(04-13-2012, 12:25 AM)bw Wrote: I won't try it, my building is not high enough.
Just kidding there! My cats are totally indoor!
What I mean is, I would not do that!
lol. The cats do like to jump though. When I was a little kid, I have chased a cat or two once or twice. They would quickly climb onto a tree, then jump onto the roof, and ... gone! I used to wish I could check out the places they can go but I can't reach. It is hard to imagine they would lose balance and fall.
But for cats,they sometimes lose mind to do something crazy in our person's eyes.Well,for our human beings,sometimes we still do something beyond understanding.Like little kids,most of them do not realize the danger of doing crazy and dangerous thing.Such as playing firework without an adult to guide them or chase some interesting flyers regardless of dangerous of lost in the forest or other dangerous places.So maybe Karenskatz's cat is a little cat or a crazy cat lol.
04-16-2012, 04:54 PM, (This post was last modified: 04-16-2012, 05:08 PM by Karenskatz.)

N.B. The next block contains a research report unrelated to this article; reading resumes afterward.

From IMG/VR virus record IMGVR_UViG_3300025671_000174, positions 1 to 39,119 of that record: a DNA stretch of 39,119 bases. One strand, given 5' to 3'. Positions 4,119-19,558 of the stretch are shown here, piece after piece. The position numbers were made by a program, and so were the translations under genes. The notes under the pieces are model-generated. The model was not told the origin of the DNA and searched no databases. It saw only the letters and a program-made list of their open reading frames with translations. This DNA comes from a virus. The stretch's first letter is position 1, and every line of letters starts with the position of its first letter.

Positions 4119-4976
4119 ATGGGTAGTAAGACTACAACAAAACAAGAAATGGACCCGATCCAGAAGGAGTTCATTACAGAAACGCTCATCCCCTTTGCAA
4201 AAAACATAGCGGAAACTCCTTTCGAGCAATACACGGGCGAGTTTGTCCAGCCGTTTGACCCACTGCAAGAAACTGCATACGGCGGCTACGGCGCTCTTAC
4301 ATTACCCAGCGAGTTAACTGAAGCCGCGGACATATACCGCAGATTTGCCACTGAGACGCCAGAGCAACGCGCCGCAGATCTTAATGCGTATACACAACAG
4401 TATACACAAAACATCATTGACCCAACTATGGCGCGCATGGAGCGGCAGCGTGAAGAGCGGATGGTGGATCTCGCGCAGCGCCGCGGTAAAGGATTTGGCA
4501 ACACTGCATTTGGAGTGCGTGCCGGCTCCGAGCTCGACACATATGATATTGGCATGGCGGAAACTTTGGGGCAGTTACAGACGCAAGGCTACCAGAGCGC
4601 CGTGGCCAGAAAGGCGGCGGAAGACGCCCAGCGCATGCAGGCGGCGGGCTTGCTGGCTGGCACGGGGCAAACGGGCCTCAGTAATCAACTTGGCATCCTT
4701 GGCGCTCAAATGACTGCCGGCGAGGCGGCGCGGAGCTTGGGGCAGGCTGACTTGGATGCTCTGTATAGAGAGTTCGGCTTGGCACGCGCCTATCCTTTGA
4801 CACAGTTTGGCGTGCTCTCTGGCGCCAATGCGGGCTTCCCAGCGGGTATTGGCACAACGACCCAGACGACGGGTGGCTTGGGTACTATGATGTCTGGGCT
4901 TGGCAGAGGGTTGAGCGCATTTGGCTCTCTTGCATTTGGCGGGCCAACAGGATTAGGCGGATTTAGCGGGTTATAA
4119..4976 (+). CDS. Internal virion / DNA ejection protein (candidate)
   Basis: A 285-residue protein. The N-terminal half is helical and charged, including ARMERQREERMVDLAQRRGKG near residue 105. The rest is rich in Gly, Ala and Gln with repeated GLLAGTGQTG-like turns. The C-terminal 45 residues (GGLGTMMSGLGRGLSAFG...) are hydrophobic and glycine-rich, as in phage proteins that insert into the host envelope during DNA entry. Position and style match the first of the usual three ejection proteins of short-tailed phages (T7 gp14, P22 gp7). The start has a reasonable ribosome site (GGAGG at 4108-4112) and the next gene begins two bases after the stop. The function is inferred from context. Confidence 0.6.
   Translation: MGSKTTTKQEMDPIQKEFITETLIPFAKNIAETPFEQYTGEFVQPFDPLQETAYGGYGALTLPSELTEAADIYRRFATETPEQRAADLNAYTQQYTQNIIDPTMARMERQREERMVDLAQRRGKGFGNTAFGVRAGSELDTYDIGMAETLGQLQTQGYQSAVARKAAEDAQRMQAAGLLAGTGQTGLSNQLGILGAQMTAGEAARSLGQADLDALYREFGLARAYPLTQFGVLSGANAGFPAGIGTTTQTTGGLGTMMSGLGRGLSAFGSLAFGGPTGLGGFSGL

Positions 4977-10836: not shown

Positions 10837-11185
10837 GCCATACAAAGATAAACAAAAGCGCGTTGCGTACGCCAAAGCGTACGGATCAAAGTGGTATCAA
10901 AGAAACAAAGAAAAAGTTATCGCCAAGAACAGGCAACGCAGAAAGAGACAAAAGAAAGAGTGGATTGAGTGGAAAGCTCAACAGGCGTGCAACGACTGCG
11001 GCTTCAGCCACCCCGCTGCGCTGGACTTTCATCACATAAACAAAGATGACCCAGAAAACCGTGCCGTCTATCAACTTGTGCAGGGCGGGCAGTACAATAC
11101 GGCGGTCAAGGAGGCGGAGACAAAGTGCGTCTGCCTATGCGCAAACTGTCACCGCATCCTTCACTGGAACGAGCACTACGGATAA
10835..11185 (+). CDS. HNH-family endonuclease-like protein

On this weeks episode of Must Love Cats, they took a look at a cat that had fallen out a window of a highrise apartment building. In the process, they gave some of the background of what we have been discusing. The fall they were talking about happened in New York City. The term Highrise Syndrom was coined in 1987 when vets reported 132 cases in a five month period, prompting a study of how and why. This, I believe, is the study that Monica was quoting. The Animal Medical Center studied the information in these cases and compiled statistics to reach the conclusion that cats falling from two to seven stories fared the worst, and this was because of the cat's physiology and ability to right it's self. First the cat needs to twist it's body around until it is upright. This might take as much as one story, but that is not enough height for the cat to build up enough speed to cause serious injury. Two to seven stories was enough for the cat to right it's self and enough time to reach suficient speed to cause injury or death. Above that the cats not only could right themselves, but would stretch out ready for landing and relax a bit giving them more "sail" area to slow them a bit and and more shock aborbancy on landing lessening serious injury. Many of these cats did not escape uninjured, but all but eight survived. And don't forget there are variables, such as how heavy the cat was and what kind of surface they landed on. As for why they fell, that is mostly speculation. Many times the cat was found on the ground, or was missing and searched for. In many cases, there were no window screens, or the screens ripped. Cats brains are wired to notice horizontal movement more that vertical movements, and for those movements to trigger their hunting instincts. They also don't see well at long distances. Some of those cats who got excited by a bird flying by and leaped for it probably didn't know how high up they were. And I have met a few clumsy cats. I've had a few cases where a cat sleeping on the edge of the bed would roll right off. And Tiro, my cat who leaped for a bird and missed the railing? He always did have more looks than brains.